THERE is no gainsaying the fact that vision and determination are necessary ingredients to success in life. The world over, these two virtues are celebrated and adopted, for they work with surefire efficacy and are responsible for a host of developments from one human society to the other. In Africa, our cultural heritage attests articulately to the primacy µof these two primordial values. It is in the bid to drive home this salient human reality that one of our African proverbs affirms sententiously, “it is not only the fox racing in leaps and bounds that arrives at its destination, but also the snail, ultimately, despite its slow speed.”
What matters here is the vision and determination to arrive home in the end, in spite of the inbuilt strength of the individuals involved. In affirmation of this, the Judeo-Christian Scriptures confirm that “the race is not for the swift nor the battle to the strong … but time and chance happen to them all.”
Certainly, the above rang true in the celebrated political case of Abraham Lincoln, the 16th President of the United States of America. He was one of the greatest men in the land in his time. It is on record that he lost out in almost all the elections he contested in his life and, as if that was not traumatically castrating enough, even in his business and personal dealings as a result of which, not surprisingly, though, the famous word of wisdom and inspiration arose that “the dignity of man is not in never falling, but rising each time he falls.”
Undoubtedly, the two virtues rang true for Bill Gates, the world’s richest man after Solomon who had to drop out of Harvard University due to low grasp of academic rigours. Unspeakably stigmatising as it sounds, he went to continue in pursuit of his personal vision and determination of researching to produce, configuring and patenting ground-breaking software for the personal computer to be at the beck and call of every man.
Same was the case for William John Shakespeare, the iconic and iconoclastic Bard of Avon, who, at the inception of his creative artistry, did not enjoy the cult following of a Christopher Marlowe, the rage and celebrity of the pre-Shakespearean dramatic renaissance, who mockingly carpeted and burlesqued Shakespeare, pejoratively lampooning his name, when he referred to him as perhaps the greatest “Shakescene” in the country. It was certainly a concession to vision and determination, not least of all to the dynamic vagaries of human nature and achievement that Shakespeare rose to become easily the world’s greatest writer and playwright, infinitely greater in fact than Marlowe himself who had been treating the young playwright with insufferable condescension and scorn.
Coming closer home to our own Muhammadu Buhari, our avuncular dear President of the Federal Republic of Nigeria, who, despite losing out in three previous elections, kept faith with his vision and determination to become the President. Vision and determination are the composite ingredients that are bound to chart the opposite trajectory for Buhari’s second term bid for the prime citizenship bestriding Aso Rock Villa like a colossus. Buhari is certainly on fire imbued with the desire to wire the nation higher and badger the liars and sharers of our collective patrimony into the mire to retrieve and redistribute our workmen’s hire more equitably. This is the liberation to the next level of meaningful and positive change.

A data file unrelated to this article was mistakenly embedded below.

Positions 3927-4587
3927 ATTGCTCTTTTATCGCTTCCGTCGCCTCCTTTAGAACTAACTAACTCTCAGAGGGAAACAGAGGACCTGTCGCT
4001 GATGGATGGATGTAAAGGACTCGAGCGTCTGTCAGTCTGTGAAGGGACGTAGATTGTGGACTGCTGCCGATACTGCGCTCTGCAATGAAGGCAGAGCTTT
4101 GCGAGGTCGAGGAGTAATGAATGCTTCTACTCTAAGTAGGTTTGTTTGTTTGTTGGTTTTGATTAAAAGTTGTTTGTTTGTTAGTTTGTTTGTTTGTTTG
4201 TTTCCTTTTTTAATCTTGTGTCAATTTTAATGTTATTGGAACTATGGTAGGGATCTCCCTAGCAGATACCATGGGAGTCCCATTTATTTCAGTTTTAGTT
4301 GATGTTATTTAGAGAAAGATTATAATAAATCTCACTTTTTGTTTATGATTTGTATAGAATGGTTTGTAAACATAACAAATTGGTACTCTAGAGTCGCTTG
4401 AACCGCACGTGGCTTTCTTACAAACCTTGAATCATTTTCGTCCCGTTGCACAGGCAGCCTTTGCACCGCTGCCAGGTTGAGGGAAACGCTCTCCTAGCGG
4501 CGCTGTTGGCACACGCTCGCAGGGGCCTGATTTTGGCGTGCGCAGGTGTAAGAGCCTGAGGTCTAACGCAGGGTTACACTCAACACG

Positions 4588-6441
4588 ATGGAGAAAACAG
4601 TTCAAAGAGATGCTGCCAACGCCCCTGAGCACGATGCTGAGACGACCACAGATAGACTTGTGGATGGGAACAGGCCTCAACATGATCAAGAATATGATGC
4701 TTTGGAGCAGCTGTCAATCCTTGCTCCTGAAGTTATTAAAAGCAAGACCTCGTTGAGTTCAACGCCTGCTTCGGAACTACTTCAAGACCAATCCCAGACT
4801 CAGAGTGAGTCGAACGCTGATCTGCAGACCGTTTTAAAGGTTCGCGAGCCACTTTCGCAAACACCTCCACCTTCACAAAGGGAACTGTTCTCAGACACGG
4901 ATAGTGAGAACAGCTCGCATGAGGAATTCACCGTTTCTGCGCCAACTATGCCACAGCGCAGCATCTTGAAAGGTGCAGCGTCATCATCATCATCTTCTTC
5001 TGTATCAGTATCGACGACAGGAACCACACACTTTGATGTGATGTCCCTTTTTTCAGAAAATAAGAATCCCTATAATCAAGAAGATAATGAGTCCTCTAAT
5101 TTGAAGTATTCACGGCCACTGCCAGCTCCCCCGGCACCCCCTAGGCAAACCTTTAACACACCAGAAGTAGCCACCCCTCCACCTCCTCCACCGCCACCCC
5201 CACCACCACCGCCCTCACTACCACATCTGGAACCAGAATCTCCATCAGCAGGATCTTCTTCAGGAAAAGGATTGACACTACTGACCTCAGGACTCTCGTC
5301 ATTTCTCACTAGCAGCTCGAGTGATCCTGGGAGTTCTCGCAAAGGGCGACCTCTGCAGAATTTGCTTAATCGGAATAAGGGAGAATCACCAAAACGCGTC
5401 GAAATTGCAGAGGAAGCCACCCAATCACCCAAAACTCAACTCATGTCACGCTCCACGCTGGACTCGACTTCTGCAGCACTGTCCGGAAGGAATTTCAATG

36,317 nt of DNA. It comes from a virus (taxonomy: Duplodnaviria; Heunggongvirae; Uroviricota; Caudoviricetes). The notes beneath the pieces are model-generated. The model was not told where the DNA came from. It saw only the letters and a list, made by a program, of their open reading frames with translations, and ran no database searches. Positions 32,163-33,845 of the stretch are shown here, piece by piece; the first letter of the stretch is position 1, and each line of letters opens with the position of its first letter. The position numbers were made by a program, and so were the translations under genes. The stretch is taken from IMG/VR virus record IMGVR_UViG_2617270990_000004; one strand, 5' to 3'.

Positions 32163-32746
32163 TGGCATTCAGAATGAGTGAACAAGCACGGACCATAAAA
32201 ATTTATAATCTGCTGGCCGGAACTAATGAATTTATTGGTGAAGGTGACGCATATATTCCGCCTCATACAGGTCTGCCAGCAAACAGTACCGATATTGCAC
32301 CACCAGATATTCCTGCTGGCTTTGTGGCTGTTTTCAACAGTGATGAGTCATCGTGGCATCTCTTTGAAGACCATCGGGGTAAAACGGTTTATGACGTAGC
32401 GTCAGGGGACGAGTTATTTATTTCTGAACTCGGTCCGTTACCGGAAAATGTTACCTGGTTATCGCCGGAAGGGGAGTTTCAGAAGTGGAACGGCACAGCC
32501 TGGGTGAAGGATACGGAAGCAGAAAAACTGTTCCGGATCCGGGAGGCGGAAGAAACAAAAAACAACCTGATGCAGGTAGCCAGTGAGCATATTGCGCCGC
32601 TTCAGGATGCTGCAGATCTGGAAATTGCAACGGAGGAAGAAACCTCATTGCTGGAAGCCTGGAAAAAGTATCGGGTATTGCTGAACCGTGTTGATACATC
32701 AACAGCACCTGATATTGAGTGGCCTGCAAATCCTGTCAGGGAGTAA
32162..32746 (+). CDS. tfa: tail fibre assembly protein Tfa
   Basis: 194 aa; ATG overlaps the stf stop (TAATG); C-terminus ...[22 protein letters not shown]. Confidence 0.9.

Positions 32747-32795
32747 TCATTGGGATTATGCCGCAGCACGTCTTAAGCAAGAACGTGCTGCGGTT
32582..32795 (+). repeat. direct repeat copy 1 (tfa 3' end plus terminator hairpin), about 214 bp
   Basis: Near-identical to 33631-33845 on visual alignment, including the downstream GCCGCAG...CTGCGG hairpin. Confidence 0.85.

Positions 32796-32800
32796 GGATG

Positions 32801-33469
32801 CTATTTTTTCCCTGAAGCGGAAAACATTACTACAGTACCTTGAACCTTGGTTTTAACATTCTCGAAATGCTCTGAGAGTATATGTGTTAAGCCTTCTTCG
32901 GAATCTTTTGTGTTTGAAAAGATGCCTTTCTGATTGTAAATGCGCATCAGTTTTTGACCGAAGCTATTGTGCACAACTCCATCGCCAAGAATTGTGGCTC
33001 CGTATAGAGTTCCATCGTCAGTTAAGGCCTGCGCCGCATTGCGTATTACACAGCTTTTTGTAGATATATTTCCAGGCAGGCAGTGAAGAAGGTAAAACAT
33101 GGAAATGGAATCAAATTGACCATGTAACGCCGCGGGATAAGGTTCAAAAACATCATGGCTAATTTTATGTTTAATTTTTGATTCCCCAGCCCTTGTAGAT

In comparison, it is mostly instructive that the salient duo of vision and its attendant determination should, will and must work for Great Ogboru in his long-running strategic enterprise to call the shots at the Delta State Government House this year. To start with, the visionary man, Chief Ovedje Ogboru, has come too long a time to miss out on his noble quest. Besides and certainly more relevantly, he is a beloved son of his people and too connected to the political power grid to be shoved aside, being a bona fide member of the ruling All Progressives Congress (APC), apart from the germane propitiousness of having successfully proved himself a capable manager of both human and material resources. Going by exemplifying precedents, there is a Buhari in Ogboru in the sense of an ardent capacity builder and revolutionary who bluntly refuses to say die until he has lovingly cradled the object of his perennial quest and personal revolution. The simple justification lies in the fact that humanity and human experiences are the same everywhere. The same natural and human laws apply everywhere on the globe.
One of such laws is that of sacrifice or paying the price. It is a philosophical fact that life is ready to give those who know exactly what they want, provided they are ready to insist and pay the price. To say that Ogboru has paid the price is to strive to systematically discover the obvious. The Holy Bible, the inevitable word of God, puts it a little rather differently, declaring that those who strive for the mastery are not crowned except they strive lawfully; that is playing by the rules or paying the price.
The vision and determination of Great Ogboru to come on board has never waned, and now is the time to liberate Delta State from the grip of political hawks hovering over the heartbeat of the nation. Like Buhari, Great Ogboru, with the power of the masses, will achieve this long-sought feat this time for the good of his people.
•Ejuwa wrote from Lagos